These are the growing pains of a new (system) and typical of previous startups. It’s going to take a joint effort among everyone to get used to the new system. —UTA spokesman Gerry Carpenter
SALT LAKE CITY — The first official day of commuter rail service between Salt Lake City and Utah County may be a signal of transportation progress to some, but to others it may mean reverting back to the old-school I-15 drive.
The Utah Transit Authority officially launched FrontRunner South on Monday, with service between downtown Salt Lake City and Provo. The agency has heralded the new $850 million commuter rail line as a better, more efficient alternative to driving.
But judging by some of the glitches on day one, there's still work to do to convince commuters to rely on the service. Numerous delays and extended commutes resulted in less-than-stellar reviews by some first-day riders.
“It was a very disappointing experience today,” said Highland resident Jim Bradshaw. “A commute that usually takes 50 minutes on the express bus took an hour and a half.”
The train was supposed to take about 65 minutes, he said. The issue of trains running behind schedule resulted in missed bus and TRAX transfers upon reaching the downtown Salt Lake Central station, UTA officials acknowledged.
Bradshaw said many commuters had been accustomed to the timeliness and convenience of express buses, which brought many people in from Utah County until the implementation of FrontRunner South. Now those express bus routes have been eliminated.
“There were no connections,” he said, calling opening day "disappointing.”
Bradshaw's frustration level was so high on Monday that he was already considering scrapping public transit in favor of his personal automobile if his daily train commute does not improve in short order.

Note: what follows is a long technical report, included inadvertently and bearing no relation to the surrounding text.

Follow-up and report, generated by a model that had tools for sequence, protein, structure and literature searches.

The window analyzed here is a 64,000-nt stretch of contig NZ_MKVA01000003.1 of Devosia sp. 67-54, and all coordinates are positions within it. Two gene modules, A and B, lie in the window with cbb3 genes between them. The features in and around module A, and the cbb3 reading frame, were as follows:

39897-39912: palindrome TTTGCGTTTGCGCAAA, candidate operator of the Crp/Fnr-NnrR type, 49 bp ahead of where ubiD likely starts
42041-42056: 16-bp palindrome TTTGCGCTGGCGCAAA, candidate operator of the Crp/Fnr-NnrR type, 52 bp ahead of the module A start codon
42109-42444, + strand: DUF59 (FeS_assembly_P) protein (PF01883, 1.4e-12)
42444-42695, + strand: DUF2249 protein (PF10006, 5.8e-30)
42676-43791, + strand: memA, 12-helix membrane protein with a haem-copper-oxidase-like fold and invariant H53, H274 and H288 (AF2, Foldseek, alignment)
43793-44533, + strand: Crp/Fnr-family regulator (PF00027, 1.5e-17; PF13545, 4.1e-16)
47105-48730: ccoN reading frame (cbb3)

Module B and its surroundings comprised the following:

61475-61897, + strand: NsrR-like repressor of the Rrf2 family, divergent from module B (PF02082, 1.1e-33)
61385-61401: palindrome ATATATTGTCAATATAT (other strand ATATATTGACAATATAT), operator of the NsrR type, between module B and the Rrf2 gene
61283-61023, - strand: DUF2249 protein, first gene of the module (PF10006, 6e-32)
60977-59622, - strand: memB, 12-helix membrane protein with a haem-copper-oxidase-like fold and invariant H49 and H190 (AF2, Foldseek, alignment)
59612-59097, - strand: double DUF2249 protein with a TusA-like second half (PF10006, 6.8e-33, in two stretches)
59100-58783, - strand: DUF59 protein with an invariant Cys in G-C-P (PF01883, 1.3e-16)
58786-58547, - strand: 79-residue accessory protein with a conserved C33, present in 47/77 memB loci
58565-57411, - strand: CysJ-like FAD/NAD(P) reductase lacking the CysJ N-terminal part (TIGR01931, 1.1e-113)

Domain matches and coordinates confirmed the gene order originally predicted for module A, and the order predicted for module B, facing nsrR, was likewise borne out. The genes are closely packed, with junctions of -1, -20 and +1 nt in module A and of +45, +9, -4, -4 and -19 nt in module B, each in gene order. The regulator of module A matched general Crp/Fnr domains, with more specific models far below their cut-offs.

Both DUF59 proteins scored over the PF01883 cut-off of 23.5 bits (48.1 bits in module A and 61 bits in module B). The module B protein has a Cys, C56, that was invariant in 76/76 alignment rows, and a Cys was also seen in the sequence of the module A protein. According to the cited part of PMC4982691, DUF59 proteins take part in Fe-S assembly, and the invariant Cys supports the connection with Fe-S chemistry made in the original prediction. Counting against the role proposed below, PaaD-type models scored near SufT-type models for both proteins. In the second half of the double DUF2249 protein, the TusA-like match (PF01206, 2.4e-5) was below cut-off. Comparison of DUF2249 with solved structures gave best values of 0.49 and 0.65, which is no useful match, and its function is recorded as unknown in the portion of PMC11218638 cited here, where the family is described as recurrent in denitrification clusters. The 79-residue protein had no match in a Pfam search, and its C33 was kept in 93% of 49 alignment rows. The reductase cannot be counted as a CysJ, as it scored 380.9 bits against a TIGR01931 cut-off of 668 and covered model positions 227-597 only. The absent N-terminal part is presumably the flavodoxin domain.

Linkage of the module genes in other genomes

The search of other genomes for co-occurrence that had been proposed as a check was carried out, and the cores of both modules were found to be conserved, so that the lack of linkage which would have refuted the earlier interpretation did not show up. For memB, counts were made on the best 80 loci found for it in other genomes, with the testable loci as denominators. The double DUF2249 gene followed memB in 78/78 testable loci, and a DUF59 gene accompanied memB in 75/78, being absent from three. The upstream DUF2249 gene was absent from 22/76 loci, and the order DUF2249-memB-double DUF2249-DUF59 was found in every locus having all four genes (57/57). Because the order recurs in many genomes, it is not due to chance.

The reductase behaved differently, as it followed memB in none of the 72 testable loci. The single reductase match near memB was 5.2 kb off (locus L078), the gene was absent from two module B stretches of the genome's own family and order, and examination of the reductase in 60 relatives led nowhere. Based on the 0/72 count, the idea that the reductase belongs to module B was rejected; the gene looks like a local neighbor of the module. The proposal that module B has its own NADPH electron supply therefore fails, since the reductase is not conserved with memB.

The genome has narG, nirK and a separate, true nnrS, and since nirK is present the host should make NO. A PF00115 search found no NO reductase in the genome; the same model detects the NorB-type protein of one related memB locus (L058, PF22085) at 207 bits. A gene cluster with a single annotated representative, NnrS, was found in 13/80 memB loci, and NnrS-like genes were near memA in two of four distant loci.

“I’m not going to put up with many more days like this,” he said. “I’ll probably use it to some degree, but there is no question that I’m likely going to drive in more.”
Among the positive comments expressed by commuters were the smooth ride and roominess of the train cars. But WiFi, available on express buses and promised on FrontRunner, did not work on Monday.
UTA spokesman Gerry Carpenter acknowledged the inaugural day challenges, including problems with the vending machines that dispensed tickets to riders. But he said those issues should be remedied quickly.
“These are the growing pains of a new (system) and typical of previous startups,” he said. “It’s going to take a joint effort among everyone to get used to the new system.”
Things should settle in over the next few days, he said.
Agency officials projected that about 6,800 passengers will ride the train each day, with trains running at maximum speeds of up to 79 mph. In addition to four stops in Utah County, FrontRunner South will also have stops in South Jordan and Murray.
Carpenter said inbound trains are scheduled to run every 30 minutes during peak morning times, with outbound trains running hourly. That schedule changes for the evening commute, when outbound trains depart every half-hour while inbound evening trains run every 60 minutes.
FrontRunner South is the latest leg in an ongoing plan by UTA to expand rail service along the Wasatch Front from Ogden to Provo.
The next step will be the Airport TRAX line — the $350 million extension scheduled to be operational by April 2013. Test trains are already running.
Under construction since January 2009, the new light rail line is one of five rail projects the agency has had on its construction agenda over the past few years. The others included the $535 million Mid-Jordan TRAX extension and the $370 million West Valley TRAX line — which both began operation in August 2011. Also in the works is the $212 million Draper TRAX extension.
Carpenter said the original combined budget was $2.8 billion for all five lines. However, the program thus far is coming in at approximately $2.3 billion — about $500 million under budget.